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It would not be hyperbolic to say that literature is a powerful springboard to explore more and gain perspectives. Being a renowned British novelist and social critic, Edward Morgan Forster goes far beyond his time in 1909 with his short sci-fi story The Machine Stops by depicting a future where humans live in isolated rooms in Subterranean Earth. The rooms are in a man made ‘’machine’’, having very few pieces of furniture yet equipped with hi-tech devices which enable them to connect to each other, serve meals, play music, provide hot baths and circulate the air inside. There are hardly no physical encounters and bodily functions are reduced to the essential lower requirements to survive. Believed to be uninhabitable for humans as a result of the over exploitation of the riches of nature, the surface of the Earth can only be seen from the windows of the airships and a request for a visit to the surface of the Earth is hardly welcome in / by The Machine. Like the protagonist Kuno, those who seek for physical, spiritual, mental exploration, meaningful human contact or some touch of the literal natural world are assigned abnormal relative to the general population. Forster’s work is acknowledged to be remarkably prescient in that he foresees the internet technology which nearly leads to dehumanization of people in the dystopian society of his fictional universe of The Machine (Forster, 1909).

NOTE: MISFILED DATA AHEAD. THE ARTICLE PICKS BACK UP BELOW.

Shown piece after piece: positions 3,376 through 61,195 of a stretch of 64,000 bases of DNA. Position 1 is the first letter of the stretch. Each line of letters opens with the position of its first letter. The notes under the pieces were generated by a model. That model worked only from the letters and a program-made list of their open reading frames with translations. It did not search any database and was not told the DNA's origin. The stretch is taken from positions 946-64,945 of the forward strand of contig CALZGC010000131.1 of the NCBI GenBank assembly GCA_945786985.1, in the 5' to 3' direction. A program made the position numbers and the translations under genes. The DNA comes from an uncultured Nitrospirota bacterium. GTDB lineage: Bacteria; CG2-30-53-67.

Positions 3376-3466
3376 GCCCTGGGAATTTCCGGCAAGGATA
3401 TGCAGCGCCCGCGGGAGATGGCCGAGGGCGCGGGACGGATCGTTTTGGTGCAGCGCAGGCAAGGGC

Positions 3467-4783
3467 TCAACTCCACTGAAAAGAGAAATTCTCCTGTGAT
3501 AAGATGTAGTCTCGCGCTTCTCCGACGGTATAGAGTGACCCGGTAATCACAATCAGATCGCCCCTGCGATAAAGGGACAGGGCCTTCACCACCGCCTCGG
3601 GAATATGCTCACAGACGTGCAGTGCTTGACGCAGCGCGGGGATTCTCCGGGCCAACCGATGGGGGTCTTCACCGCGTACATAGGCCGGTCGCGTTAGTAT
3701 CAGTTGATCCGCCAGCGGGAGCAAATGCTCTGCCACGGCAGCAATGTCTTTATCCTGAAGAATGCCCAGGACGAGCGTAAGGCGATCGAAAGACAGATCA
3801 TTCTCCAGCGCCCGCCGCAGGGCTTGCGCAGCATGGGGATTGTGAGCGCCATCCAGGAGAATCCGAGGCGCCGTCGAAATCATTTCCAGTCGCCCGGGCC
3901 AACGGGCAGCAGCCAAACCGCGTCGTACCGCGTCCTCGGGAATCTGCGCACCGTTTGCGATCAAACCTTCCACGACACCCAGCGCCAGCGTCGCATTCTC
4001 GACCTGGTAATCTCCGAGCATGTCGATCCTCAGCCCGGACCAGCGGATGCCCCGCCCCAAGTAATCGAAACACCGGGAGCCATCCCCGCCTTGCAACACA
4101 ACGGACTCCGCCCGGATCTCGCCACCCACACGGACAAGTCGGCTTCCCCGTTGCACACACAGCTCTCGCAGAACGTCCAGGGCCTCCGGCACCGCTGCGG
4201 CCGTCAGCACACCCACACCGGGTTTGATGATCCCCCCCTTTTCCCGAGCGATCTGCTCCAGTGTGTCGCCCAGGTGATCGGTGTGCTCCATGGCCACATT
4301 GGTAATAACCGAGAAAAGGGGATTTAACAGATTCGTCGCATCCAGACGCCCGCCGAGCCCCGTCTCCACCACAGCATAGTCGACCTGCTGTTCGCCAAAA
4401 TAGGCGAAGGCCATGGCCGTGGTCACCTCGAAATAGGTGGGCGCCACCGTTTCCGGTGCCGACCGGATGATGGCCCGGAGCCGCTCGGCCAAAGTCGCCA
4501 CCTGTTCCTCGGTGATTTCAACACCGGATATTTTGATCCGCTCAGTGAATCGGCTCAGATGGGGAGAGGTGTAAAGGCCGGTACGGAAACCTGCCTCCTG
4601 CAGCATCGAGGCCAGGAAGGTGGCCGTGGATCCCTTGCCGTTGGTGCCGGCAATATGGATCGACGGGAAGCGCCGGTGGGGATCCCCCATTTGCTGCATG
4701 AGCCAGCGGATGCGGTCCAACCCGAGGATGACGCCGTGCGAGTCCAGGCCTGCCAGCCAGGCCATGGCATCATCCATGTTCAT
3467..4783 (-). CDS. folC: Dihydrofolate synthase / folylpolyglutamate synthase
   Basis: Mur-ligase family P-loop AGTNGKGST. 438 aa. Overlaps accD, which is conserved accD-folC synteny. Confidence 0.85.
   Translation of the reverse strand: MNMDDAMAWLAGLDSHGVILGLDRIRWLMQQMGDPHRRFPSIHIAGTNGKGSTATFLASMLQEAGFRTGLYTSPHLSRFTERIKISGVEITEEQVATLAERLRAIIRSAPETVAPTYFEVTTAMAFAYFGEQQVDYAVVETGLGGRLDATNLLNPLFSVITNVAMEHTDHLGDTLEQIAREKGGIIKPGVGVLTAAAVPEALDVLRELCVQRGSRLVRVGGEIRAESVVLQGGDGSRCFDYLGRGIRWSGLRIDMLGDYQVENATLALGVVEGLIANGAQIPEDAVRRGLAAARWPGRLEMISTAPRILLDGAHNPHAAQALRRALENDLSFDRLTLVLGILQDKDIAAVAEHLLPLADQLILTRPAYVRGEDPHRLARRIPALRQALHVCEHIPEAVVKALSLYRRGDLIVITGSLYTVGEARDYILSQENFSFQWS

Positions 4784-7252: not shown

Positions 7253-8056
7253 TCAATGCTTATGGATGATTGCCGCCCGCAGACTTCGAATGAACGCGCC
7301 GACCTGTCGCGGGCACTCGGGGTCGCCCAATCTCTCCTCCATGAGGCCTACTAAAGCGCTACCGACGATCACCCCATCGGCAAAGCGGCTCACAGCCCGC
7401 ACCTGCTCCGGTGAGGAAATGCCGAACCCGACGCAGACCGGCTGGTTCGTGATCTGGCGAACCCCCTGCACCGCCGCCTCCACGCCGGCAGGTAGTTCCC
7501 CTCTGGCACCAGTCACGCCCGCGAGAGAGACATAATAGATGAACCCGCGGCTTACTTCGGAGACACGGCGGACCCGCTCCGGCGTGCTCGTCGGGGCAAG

Nearly over a century later after the breakdown of Forster’s Machine, the world fell apart at the seams with the arrival of Covid-19 in Wuhan, China in the last quarter of 2019. Covid-19 was accepted and announced a pandemic by World Health Organization on March 2019 as over 180 countries were already affected by the corona virus that was taking lives ceaselessly. As one of the gravest global crises of the 21st century, the Covid-19 pandemic can be said to bring about some inevitable global changes in the lives of humans parallel to the ones of The Machine as a result of the threat caused by the virus and the measures taken by the governments to avoid the spread of the virus and keep the risk at its lowest level. As for the similarities between the post-covid era and Forster’s dystopian universe pictured in his short story, Will Gompertz of BBC writes: ‘’ The Machine Stops is not simply prescient; it is a jaw-droppingly, gob smackingly, breath takingly accurate literary description of lockdown life in 2020’’ in his review on 29th May 2020 (Gompertz, 2020). The period after the breakout of the pandemic is referred to as “the new normal’’ era which is commonly associated with restrictions of the daily human activities, agendas full of deathrates, quarantines, lockdowns, social distancing, masks and hygiene, economic crisis, the rise of online deeds such as online education and online shopping, digitalization and digital divide. The most often-heard sentence, motto per se, is that in the years after the pandemic, nothing will be as it was before. The world is at a crossroads and governments, decision makers, economists, investors, sociologists, conglomerates, tradesmen, PR specialists, academicians and individuals have already taken their share in terms of this global crisis, trying to find a way out of the chaos brought by the pandemic. Meanwhile digitalization and the phenomenon relevant to it such as big data, surveillance, AI, Iot, machine learning have all become the hottest topics of the post-covid period to meet and discuss the rising needs of the digital age in which humans- digital citizens of the cyber world of the 21st century- strive to lead a life, being mostly locked down in their apartments, struggling not to be infected and knocked down by an invisible enemy named Covid-19.